Friday, September 4, 2020

Backpacking In Blodgett Canyon

Vicki had been agitating for another backpacking trip. I was content to let the "W" in Patagonia or even the Inca Trail in Peru serve as my final backpacking adventures. But she prevailed, and on September 1st, the 12th anniversary of our departure for retirement travels, we camped at the tiny Forest Service campground at the mouth of Blodgett Canyon, in the Bitterroots, an hour's drive south of Missoula. 

During our years in Montana, 1995-2008, we'd hiked or over-nighted in these mountains many times. Our last visit was in 2015, post-retirement, doing the Bear, Kootenai, and Blodgett canyons. 

But those were just day-hikes. Vicki wanted the real thing: carrying packs on our backs for miles, uphill, ever watchful for large hungry predators, pitching a tiny mountain tent on uneven, rocky ground, eating freeze-dried backapacka slop for dinner (I did bring a small vessel of wine), hanging everything odoriferous in a bear-proof bag high in a tree well away from our tent-site, and discovering, too late, that my inflatable sleeping pad had a leak. On the plus side, it was too dry for mosquitoes or other bugs, the temperatures were pleasant, and the skies were beautifully clear, at least until early the next morning when a gale came up, blowing wildfire smoke over the divide from Idaho. I have been reading Daniel Matthews' Trees in Trouble, and my concern that the fire jump the divide and overwhelm us, at gale-force speeds, before we could return to the campground, propelled us, me anyway, on the flip-side of the hike.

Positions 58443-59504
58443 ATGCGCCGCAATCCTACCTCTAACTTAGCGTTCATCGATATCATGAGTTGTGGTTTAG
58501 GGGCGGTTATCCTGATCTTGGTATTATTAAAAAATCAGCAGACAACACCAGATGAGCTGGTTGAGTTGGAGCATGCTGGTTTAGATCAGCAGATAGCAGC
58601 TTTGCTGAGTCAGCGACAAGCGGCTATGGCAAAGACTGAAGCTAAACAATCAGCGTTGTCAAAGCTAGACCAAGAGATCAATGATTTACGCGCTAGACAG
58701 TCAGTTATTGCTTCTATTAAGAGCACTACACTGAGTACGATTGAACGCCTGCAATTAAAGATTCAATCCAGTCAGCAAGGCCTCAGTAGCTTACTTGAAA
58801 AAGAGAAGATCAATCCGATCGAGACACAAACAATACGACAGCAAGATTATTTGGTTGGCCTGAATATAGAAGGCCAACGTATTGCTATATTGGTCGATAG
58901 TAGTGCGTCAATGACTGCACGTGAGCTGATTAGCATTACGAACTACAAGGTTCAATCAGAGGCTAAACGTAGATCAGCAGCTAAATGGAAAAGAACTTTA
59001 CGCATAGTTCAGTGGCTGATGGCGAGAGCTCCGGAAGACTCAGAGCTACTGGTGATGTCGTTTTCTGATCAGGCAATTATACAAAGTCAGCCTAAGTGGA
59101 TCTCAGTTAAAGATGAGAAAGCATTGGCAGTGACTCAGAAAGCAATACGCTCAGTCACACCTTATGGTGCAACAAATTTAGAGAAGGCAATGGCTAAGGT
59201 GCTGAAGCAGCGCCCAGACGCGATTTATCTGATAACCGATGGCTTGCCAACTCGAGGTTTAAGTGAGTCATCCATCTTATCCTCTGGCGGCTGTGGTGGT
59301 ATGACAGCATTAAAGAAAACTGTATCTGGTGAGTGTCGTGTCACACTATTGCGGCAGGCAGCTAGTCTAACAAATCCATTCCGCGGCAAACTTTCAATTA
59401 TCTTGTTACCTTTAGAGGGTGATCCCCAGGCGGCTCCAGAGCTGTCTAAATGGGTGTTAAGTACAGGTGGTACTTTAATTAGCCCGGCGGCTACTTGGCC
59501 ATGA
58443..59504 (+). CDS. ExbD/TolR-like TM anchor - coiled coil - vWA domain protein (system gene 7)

In any case, we enjoyed the full glory of all this, camping near the waterfall beyond the bridge, perhaps 5 miles up the canyon. It was as far as our 70-something legs would carry us, bearing our 16 and 22 pound packs and accoutrements as well. Blodgett Canyon is a beautiful place, the Bitterroots' Yosemite Valley, walls and crags and pinnacles lining both sides of the 10-mile canyon. Except for a few day-hikers and dog-walkers, we had it all to ourselves. I can't say it was fun, not entirely anyway, but it was satisfying to know we can still do this, at least for short and non-strenuous distances. And I can't say we won't do another backpacking trip.

At Lost Trail Pass: at least there was no Trump sticker

Approaching Blodgett Canyon

Campsite #4 (of 5)

Beginning of the excellent trail

Intrepid backapacka Vicki

Along the way...walls, pinnacles, great rock...

Actual beaver dam

More walls, pinnacles...

OK, it's not El Cap

Waterfall #1

At the bridge, looking back to the Bitterroot Valley and mountains beyond

And toward the head of the canyon

The very famous Gothic arch (13th century); all that remains of the abbey of St. Blodgettus

Above our campsite

The creek, just before waterfall #2; better at high tide

Vicki expertly hoisting our bear bag

Over the years, we have gotten much better at pitching tents (tent technology has gotten much better, too)

Falls #2

Next morning, looking back up the canyon, smoke, rising ominously...

Looking toward the Valley, you can barely see it or the range beyond

But we made it back, showered, crashed, had an enjoyable dinner, a campfire, and, with the
skies clearing, enjoyed yet another wonderful alpenglow